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Software Review - Astronomy Plus - Space Software/Avanquest 

 

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The night sky is a wonderful place, but it's easy enough to get lost. At the heart of Astronomy Plus is an excellent planetarium program that brings up on your PC or Mac a view of the night sky that is simply brilliant. It's a clear, crisp, image, the controls are mostly intuitive and some of the extras are a delight. Constellations can be brought up in stick form, or (for the major ones) with a very effective graphic image. Click on a star or planet and you will get extra information. You can even travel to one. This may be a bit over the top for a star, but the way you travel out to Mars or Saturn is quite magical. The program shows you the view from home (or anywhere else), and monitors real time to show you the view now (but of course you can move to another date and time at will).

The secondary features are good too. You can find something in space, print off star maps to take outside and more. Each time you start Astronomy, you have the opportunity to download new data, keeping it up-to-the-moment. But in the end you have to come back to what is an excellent planetarium. It's based on the powerful Starry Night (going on occasional references, Astronomy used to be called Starry Night, Backyard Edition) and that pedigree shows through.

A couple of quibbles. The startup, where you specify your home location could do with a lot more cities in it. In the UK, for instance, cities like Cardiff (a country's capital, for heaven's sake) and Bristol aren't in there. Failing that, they could have made the point and click location map significantly bigger - you can only just see the UK! Also, I suspect where the program integrates Quicktime video, you can get a few seconds where the screen goes a blank white. This isn't in ordinary planetarium operation, but typically when you get a bit click happy when moving out into space.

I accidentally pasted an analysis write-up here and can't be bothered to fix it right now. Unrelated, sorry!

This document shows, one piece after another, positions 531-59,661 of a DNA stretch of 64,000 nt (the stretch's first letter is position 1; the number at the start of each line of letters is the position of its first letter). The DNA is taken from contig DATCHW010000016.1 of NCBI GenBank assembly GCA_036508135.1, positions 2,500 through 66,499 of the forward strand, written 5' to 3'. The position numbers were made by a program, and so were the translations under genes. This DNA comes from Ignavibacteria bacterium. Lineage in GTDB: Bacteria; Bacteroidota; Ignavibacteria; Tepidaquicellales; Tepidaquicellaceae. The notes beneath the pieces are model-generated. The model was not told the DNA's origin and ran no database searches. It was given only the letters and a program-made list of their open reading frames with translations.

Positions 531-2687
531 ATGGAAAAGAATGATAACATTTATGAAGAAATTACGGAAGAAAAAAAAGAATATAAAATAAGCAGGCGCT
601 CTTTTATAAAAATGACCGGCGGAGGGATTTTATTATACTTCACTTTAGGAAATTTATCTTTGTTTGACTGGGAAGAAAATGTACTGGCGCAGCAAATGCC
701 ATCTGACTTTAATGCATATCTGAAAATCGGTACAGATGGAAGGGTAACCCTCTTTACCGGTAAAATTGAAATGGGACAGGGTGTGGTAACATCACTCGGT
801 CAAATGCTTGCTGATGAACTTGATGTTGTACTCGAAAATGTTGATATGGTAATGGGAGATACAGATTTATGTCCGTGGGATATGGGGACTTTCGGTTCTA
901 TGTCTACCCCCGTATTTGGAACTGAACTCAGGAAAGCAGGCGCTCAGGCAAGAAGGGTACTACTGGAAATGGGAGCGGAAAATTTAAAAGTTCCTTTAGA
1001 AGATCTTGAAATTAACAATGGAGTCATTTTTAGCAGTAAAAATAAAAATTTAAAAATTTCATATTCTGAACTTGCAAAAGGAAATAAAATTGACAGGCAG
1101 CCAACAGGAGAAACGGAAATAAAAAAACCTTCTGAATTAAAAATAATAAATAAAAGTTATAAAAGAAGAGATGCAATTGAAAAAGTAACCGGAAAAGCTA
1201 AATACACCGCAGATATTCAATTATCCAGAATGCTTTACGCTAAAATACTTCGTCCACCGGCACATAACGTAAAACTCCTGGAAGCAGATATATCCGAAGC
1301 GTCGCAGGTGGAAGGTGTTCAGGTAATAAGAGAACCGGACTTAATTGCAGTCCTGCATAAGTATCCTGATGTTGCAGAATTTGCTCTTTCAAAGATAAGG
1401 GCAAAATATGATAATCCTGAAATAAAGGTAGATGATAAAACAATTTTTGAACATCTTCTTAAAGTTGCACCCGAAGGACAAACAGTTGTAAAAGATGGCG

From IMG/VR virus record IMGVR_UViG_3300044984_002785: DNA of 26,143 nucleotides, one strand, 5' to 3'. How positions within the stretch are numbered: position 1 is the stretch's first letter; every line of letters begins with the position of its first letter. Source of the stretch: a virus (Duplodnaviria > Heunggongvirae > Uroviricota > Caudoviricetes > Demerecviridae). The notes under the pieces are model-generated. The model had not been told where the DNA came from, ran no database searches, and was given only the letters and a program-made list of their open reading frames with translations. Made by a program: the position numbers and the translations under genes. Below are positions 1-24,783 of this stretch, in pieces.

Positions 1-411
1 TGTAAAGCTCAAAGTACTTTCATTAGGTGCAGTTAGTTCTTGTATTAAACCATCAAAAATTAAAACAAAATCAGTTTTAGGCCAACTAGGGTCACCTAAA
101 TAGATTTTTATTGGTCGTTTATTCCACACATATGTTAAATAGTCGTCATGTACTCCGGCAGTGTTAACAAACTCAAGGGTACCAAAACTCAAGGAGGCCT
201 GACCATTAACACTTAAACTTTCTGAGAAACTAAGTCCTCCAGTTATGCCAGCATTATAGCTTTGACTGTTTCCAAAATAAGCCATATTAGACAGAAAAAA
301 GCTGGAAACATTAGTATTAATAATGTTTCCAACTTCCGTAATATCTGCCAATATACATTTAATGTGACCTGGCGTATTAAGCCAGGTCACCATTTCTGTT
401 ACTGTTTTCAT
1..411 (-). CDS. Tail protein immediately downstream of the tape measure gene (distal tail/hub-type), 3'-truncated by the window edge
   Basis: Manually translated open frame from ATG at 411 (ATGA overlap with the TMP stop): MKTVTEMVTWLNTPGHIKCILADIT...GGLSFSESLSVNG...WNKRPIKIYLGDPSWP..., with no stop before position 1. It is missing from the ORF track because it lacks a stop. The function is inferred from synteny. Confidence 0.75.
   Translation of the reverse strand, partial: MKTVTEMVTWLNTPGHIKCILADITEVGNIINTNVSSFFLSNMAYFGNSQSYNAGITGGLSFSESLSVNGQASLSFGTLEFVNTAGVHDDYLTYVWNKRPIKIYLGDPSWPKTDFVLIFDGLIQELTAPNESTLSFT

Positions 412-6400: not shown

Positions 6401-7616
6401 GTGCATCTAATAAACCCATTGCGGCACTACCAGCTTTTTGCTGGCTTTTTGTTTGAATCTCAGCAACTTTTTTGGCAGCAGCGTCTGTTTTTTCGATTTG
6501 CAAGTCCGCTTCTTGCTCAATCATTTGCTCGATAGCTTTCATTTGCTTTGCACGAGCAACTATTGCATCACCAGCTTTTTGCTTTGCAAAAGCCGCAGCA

Accompanying the main software (this is the "Plus" bit) is a DVD, featuring four of the segments of the Atlas of the Sky DVD. These are effective short programmes on the sun, the inner and outer planets and the moon, well worth watching in their own right (and also providing a useful taster for the full thirteen segments of the Atlas DVD). It's a nice bonus, though not what you'll buy this software for.

All in all this is a great value piece of software that does what it says on the tin with style. Astronomers who are real enthusiasts will want to go for one of the more powerful Starry Night versions, but for the 95 per cent of us, adult and child who just want to peep out at the stars occasionally and know what we're seeing, this is superb. However, if you can afford just a few pounds more, consider going for the Complete Astronomy and Space Pack, which has the same excellent planetarium but with a wider range of information add-ons, and is probably best of the bunch for this segment of the market.

According to the blurb the software runs on PCs and Macs - we have only tested it on PCs.

The DVD is only available in region 1/NTSC format. This will work with most PCs with DVD players, and on multi-region and NTSC supporting DVD players (including more recent Playstation 2s), but will not work on quite a lot of European (PAL) DVD players. Check the compatibility of your player!

Reviewed by Brian Clegg

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Last update 05 June 2007